Buzz Worthy

buzz worthyPut on your splendid beekeeping hat and follow an oatmeal container bee to a flower! Today, we’re collecting nectar, taking it back to the hive, and turning it into something delicious!

We read A Taste of Honey by Nancy Elizabeth Wallace (Winslow Press, 2001). A golden jar of honey prompts Lily the bear to ask her Poppy a series of questions about its origins. Where does honey come from? Well, where does it come from before it’s put in a jar? Where does it come from before it’s purchased at the store? And before that? And before that? In addition to being a clever succession of questions and answers, this book is stocked with facts about beekeeping equipment, protective clothing, honey harvesting, beehives, varieties of wildflowers, and more!You’ll need:

  • 1 large oatmeal container
  • Yellow construction paper
  • 2 long strips of black construction paper (approximately 2.25″ x 18″ each)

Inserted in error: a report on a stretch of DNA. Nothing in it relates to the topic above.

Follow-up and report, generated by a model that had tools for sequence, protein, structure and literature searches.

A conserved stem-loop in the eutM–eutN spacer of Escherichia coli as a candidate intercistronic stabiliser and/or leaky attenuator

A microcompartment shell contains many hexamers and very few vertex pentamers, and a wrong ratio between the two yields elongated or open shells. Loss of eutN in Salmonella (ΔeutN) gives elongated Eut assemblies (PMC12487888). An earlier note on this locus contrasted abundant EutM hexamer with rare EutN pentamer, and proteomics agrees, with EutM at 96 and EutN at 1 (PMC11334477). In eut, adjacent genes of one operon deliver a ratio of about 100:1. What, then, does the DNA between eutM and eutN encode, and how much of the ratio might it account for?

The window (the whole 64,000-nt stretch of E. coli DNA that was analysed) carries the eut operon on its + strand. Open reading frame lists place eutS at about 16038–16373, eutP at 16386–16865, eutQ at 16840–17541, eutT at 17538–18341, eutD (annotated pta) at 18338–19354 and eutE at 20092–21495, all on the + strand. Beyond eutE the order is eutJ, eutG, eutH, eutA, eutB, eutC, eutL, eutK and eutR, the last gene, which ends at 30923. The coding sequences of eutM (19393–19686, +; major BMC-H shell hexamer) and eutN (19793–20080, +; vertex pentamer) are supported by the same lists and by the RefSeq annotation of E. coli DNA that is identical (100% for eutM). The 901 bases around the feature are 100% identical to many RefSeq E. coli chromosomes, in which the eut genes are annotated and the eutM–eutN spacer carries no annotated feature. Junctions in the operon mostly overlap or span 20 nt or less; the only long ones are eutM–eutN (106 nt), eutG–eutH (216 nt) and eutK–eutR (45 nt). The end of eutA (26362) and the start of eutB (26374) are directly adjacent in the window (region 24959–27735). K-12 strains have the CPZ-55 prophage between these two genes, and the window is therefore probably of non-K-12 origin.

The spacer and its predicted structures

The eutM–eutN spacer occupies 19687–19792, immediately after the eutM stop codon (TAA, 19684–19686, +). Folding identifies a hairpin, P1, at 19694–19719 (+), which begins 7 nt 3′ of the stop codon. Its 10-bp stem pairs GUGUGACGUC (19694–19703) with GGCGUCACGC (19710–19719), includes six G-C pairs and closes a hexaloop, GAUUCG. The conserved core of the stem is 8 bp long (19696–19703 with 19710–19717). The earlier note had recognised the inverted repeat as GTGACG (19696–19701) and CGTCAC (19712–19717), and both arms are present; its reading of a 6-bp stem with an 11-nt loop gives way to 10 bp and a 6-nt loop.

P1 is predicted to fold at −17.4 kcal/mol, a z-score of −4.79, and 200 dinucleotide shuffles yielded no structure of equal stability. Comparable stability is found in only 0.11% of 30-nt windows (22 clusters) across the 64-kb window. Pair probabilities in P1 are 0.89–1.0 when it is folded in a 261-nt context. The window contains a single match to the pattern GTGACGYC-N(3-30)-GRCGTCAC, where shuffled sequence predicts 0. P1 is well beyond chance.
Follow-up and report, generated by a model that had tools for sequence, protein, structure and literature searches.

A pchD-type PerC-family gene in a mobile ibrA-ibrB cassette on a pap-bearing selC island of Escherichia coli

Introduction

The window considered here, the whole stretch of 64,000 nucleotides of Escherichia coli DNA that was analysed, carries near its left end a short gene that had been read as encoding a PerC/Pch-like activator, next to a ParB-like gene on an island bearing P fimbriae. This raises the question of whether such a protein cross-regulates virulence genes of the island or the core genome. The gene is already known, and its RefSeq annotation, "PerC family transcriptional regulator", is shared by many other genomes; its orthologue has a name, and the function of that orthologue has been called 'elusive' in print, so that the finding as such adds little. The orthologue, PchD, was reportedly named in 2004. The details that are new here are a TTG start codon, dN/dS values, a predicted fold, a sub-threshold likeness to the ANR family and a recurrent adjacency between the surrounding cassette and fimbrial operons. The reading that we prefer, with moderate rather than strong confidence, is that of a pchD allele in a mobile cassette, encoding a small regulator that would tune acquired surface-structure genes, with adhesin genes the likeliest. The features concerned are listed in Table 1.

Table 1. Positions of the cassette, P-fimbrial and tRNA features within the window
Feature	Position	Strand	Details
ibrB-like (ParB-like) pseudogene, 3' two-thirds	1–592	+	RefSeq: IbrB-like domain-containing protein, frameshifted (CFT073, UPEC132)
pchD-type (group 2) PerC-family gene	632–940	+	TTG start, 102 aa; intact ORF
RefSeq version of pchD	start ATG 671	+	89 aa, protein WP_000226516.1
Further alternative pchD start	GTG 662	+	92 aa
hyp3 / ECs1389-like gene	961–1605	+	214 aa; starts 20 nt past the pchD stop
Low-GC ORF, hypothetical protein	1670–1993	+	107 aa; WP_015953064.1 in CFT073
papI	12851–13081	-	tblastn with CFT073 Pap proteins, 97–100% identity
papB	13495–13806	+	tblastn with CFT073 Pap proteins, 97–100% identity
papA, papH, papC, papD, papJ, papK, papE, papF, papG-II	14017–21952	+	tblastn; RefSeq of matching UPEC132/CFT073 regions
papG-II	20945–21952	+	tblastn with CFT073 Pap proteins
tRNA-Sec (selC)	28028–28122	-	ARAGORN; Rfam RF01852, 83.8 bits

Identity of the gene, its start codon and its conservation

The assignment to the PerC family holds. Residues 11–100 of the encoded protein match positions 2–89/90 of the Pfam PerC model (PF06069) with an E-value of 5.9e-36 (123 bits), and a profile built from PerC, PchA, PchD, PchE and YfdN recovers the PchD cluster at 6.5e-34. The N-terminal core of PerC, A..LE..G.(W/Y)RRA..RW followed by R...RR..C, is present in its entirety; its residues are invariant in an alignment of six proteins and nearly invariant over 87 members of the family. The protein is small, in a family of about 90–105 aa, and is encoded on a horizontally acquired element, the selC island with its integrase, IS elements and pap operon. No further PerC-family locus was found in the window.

• A 5.25″ circle of yellow construction paper
  • 2, 1.5″ circles of black construction paper
  • 2 yellow dot stickers
  • 6 pipe cleaners (2 black, 4 any color you’d like)
  • 1 bee wings template, printed on 8.5″ x 11″ white card stock
  • 1 plastic fedora (I purchased mine from Oriental Trading Company)
  • A 1.5″ x 22″ strip of white poster board for hat band
  • 1 little bees template, color printed on 8.5″ x 11″ white card stock
  • A 12″ x 32″ piece of white tulle
  • 1 “Find the Nectar” game (more on this later!)
  • Scissors, glue, and tape for construction
  • Markers for decorating

finished beeWe’ll start with the bee! Wrap a large oatmeal container with yellow construction paper, then wrap two strips of black construction paper around the container to create stripes.